Growing Zoysia Grass – Maintenance Care Fertilizer and More

growing a carpet zoysia

Question: Is maintaining Zoysia difficult? It is such a nice looking grass, we have been thinking about replacing our St Augustine turf with Zoysia? Does it need a special fertilizer? Martin, Jacksonville, Florida

Answer: Martin, Zoysia has been in the United States for decades.

Many people now have zoysia lawns or the start of one and many more homeowners are seriously thinking of replacing their current grass with this “different” type lawn grass.

There are, however, a few things which must be known about Zoysia turf before you can honestly say that it is the one for you.

Only when you know all the answers to your questions can you be in a position to gain the full benefit from a zoysia lawn.

Zoysia Not A Native

Zoysia is not a native grass; it was introduced to the United States from Korea early in the 1900’s. There are several species grown, the most hardy of which is Zoysia japonica.

A research and experimental program was started on this particular species by the United States Department of Agriculture and the United States Golf Association Green Section.

After some years of testing and crossbreeding, one strain was finally approved and selected for release to the public.

In honor of Dr. Frank N. Meyer, who actually discovered the grass in Korea, the name “Meyer” was added. Consequently, the official approved name was “Meyer Z-52″ zoysia.

The Z-52 was the ID used during testing. Commercial growers shortened the name somewhat to “Meyer” zoysia or “Z-52″ – they are talking about the same thing.

Another grass called “Emerald” was developed along with a popular variety today called “Empire“.

Although it is extremely winter hardy surviving as far north as Maine – like all zoysias, it is a warm-season grass. By warm-season is meant that it grows best when the weather is hot.

This is in contrast to our traditional lawn grasses which are cool-season, growing best when temperatures range from 40° to 70°.

Since zoysia is a warm-season grass it can successfully compete with crabgrass for control of the lawn area.

Crabgrass, too, is a warm-season grass but is an annual which means it dies off completely in the fall and is started again from seed the following summer.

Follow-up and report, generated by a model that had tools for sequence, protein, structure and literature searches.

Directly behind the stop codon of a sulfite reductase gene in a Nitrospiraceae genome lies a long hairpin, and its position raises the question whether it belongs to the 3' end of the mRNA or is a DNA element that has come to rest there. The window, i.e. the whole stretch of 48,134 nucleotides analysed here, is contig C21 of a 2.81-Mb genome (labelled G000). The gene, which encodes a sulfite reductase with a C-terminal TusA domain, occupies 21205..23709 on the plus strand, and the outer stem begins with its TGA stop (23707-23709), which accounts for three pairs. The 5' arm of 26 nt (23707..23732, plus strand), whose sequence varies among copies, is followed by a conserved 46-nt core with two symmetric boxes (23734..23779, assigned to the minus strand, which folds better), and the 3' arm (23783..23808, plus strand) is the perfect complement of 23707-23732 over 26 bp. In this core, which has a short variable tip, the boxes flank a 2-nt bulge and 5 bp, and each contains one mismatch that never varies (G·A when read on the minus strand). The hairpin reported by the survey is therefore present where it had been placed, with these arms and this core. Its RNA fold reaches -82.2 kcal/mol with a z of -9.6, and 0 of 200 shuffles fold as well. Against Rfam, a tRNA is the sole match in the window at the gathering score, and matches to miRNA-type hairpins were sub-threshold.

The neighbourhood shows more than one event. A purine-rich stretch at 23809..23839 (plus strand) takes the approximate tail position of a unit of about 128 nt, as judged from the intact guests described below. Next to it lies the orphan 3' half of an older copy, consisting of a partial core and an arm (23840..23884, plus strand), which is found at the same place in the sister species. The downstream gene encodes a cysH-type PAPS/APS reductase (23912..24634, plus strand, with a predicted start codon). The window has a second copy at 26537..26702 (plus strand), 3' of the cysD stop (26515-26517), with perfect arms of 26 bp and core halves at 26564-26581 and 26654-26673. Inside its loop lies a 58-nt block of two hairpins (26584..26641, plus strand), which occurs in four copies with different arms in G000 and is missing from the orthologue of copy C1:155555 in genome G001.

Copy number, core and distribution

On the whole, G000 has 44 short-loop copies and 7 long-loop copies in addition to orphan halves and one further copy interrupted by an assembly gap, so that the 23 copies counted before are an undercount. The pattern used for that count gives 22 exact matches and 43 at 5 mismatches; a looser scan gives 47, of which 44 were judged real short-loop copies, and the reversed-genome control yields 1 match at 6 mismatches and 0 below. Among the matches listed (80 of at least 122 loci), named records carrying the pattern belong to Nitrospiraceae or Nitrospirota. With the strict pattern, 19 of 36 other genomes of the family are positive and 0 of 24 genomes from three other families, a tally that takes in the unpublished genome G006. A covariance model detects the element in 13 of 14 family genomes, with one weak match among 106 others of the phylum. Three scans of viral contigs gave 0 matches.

The warm-season aspect of zoysia also creates the one major disadvantage in the eyes of many people. It is green throughout the summer months but goes dormant in the winter.

This dormancy, however, shouldn’t be confused with the complete death of the tops as in the case of crabgrass.

Zoysia does not die in the winter, neither does it lose its leaves. The foliage remains intact, but changes to a straw-brown color.

Zoysia Fall Fertilizer Recommendations & Preparations

It is important and recommended to put down a fall lawn fertilizer.

This gives the grass food and nutrients it can store up for the winter season to help in “self repair” to damaged grass, the turf may have experienced or suffered from over the cold months.

A fall fertilizer also supplies nutrients to get the turf “ready” for when warm weather arrives, allowing the grass to start the “greening up” process.

In the fall it is recommend to put down a fertilizer high in potassium (the 3rd number on the fertilizer bag), using push or handheld broadcast spreaders will help give even fertilizer distribution.

The best lawn fertilizer for zoysia has a make up like a 2-1-4 ratio and a slow release fertilizer is preferred.

Try to stay away from too much nitrogen in the fall (1st number of the bag), this can lead to lush growth and potential grass fungus problems.

The Potassium:

  • Helps harden the cell walls producing stronger stems
  • Hardens grass gives vigor to better handle the cold weather
  • When deficient slow growth and weaker turf results
  • Will leach from the soil but not as fast as nitogen
  • Helps strengthen grass against lawn fungus & disease

Zoysia Goes Dormant

The length of time zoysia remains in this dormant state depends on the length of the winter season. Zoysia does not turn brown immediately after the first killing frost in the fall.

It usually takes two or more heavy frosts to trip the plant into the dormant state.

On the average, this is about ten days to two weeks before the date when there is a fifty-fifty chance that the day temperature will be below freezing and remain that cold for the balance of the winter season.

In the spring the grass will green up about ten days or two weeks after the date when the temperature is apt to be above 32°.

For practically all locations south of Richmond, Va., Oklahoma City and Los Angeles, a dormant period of four months or less each year can normally be expected.

In some sections along the Gulf Coast and in southern Florida, zoysia is dormant only briefly, if at all, during the year.

Spring is the time for Lawn Aeration.

Naturally, the longer the growing season the more time the plant has to grow and spread.

We can certainly expect a greater growth and spread when the “green period” extends over eight months than we can if the growing period is only three months.

So don’t expect zoysia to spread as much in Maine as it would in Florida.

However, if you have a summer home where you only want a green lawn for several months, you may think differently of a zoysia lawn in New England.

When growing, it actually creeps along the ground. The plant sends out runners on the soil surface which root and send up new plants as they go.

Therefore, they make a thick mat of sod. It is the formation of this thick mat which gives zoysia power to crowd out other grasses and weeds.


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